So why, as Eggers imagines, do the subjects of these algorithmically designed lives feel such an aching hollowness inside?

I considered several answers as I continued my stroll. The easiest way out of Eggers’ perfectly designed dystopia is that the “objective, scientific” recommendations of his algorithms get human life fundamentally wrong. Those doctors who prescribed leeches surely thought of themselves as “objective” and “scientific” — little did they suspect that their medicine was actually sickening their patients! Perhaps the SumNum and the Every’s other algorithmic recommendations commit similar errors. Cue the standard lessons in epistemic humility: “we don’t understand much about why human societies work, and we don’t know what we don’t know, so any efforts to reform society must proceed slowly and with extreme caution…” Yes, thank you, Mr. Burke; an overconfidence in the powers of technology certainly is part of what makes the Every alarming, but that can’t be the whole story.

Indeed, if 'epistemic humility 'were the only thing the Every lacked, the solution would be simple: give them some time to figure things out. Eventually, one presumes, they'll have gathered enough data that your phone's prompts – to do jumping jacks, to have a laugh – will not only be well-intentioned, but impeccably timed, so as to refresh, rather than distract. Suppose this future is reached. Is there really nothing wrong with ceding complete control over one's schedule to a piece of software, provided that software really knows what it's doing?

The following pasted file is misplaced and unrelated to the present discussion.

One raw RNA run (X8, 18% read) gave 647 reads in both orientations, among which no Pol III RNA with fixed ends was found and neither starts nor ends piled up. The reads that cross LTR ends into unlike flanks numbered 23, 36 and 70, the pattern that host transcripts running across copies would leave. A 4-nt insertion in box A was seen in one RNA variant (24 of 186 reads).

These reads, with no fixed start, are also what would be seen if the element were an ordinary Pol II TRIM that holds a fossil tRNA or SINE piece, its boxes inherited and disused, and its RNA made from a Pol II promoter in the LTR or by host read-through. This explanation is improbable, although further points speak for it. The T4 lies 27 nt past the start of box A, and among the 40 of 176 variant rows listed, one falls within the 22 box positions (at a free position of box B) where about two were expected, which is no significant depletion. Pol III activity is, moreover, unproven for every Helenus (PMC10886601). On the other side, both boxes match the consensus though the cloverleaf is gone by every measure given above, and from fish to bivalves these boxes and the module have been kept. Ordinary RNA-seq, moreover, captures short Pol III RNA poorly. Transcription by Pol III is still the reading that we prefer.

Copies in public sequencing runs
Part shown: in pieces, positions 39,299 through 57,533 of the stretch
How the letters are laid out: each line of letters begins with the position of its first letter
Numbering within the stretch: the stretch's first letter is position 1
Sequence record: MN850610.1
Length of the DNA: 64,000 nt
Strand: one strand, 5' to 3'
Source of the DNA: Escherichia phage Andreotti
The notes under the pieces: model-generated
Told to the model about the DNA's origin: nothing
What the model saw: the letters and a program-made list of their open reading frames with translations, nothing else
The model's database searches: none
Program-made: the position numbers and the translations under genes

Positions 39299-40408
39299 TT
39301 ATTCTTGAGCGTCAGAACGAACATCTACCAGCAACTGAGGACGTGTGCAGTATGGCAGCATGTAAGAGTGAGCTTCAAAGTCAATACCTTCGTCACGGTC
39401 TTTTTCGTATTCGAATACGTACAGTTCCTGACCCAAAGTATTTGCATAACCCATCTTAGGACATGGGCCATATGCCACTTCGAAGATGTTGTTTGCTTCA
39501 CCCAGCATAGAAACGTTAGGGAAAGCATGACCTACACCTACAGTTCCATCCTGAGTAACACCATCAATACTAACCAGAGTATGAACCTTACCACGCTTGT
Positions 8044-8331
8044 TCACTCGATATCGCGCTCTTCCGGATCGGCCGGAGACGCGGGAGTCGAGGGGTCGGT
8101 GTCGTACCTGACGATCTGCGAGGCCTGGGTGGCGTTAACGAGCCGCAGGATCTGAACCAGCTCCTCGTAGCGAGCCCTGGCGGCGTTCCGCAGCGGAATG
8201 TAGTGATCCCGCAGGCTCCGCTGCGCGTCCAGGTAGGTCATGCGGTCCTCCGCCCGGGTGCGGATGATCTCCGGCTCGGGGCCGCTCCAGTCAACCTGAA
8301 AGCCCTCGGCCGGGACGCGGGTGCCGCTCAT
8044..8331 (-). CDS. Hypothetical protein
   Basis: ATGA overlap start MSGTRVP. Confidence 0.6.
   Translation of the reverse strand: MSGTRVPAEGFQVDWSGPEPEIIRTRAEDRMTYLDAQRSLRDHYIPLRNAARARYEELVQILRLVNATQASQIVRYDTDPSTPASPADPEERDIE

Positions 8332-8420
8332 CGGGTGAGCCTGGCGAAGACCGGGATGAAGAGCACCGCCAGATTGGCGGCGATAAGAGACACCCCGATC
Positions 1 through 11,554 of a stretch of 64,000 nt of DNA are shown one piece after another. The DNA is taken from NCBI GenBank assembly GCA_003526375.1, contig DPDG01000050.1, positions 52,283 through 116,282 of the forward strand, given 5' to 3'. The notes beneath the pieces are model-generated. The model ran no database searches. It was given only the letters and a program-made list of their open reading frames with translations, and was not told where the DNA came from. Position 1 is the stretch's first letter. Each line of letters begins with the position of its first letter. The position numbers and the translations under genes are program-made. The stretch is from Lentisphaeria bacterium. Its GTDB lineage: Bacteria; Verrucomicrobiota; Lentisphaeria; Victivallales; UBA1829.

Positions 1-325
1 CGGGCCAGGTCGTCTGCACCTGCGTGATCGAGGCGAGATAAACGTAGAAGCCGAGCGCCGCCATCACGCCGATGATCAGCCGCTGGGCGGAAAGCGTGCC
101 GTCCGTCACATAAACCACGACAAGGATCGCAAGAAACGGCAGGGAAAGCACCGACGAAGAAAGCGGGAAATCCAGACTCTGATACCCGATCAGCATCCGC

"Why yes, of course!" is the instinctive answer. We like to think – and Eggers indulges this belief – that human autonomy is irreplaceable, even if using it results in objectively worse outcomes. We cherish the illusion of free will (my god, I’m starting to sound like Pessimistic Petey). But in practice, we are quick to outsource it: to let Google Maps decide where you drive, to let the Apple Watch decide how long you exercise. This outsourcing isn't just convenient, it might to some extent be necessary.

In the 1970s, NASA had automated almost every part of their Shuttle launches and landings, but they left the astronauts the job of deploying the parachute – the heroic astronauts had to have something to do! But deploying the parachute was a delicate business – it had to be timed precisely – and the astronauts, being human, often fudged the timing. Eventually, NASA engineers wrote a program to deploy the parachute, and the astronauts were reportedly delighted by how well it worked.

I continued my perambulations, turning somewhat randomly. I passed many other wanderers – or stumblers, maybe – their heads downcast, eyes transfixed by something in cyberspace. Some chatted animatedly with invisible people, probably coworkers, but possibly hallucinations. There has never been a better time to be a crazy person wandering the streets; with all the craziness of the world, you fit right in.

Then, across the way, I glimpsed the telltale stride of another of my favorite characters, Otto the Automator. Otto was moving quickly, as always. But who better to ask about the automation of free will? Otto was perpetually fiddling with bits of code and building his own tools. His stated purpose was to make his computer do all of his work for him. Wouldn't that make him obsolete?

"Ha!” Otto said. "I made myself obsolete years ago, but I’m still here.” Indeed, his first job had required a painful amount of manual curation of data into spreadsheets. "Boring, mindless work,” he said. “So I automated it!” Thanks to his scripts, he did a year’s work in a week. He then moved on to bigger, better pursuits, and along the way, automated many of them too. “I figure that when something gets boring, I should automate it. But there's always plenty of non-boring stuff to do!" He was currently working on a program to automate the landing of SpaceX shuttles.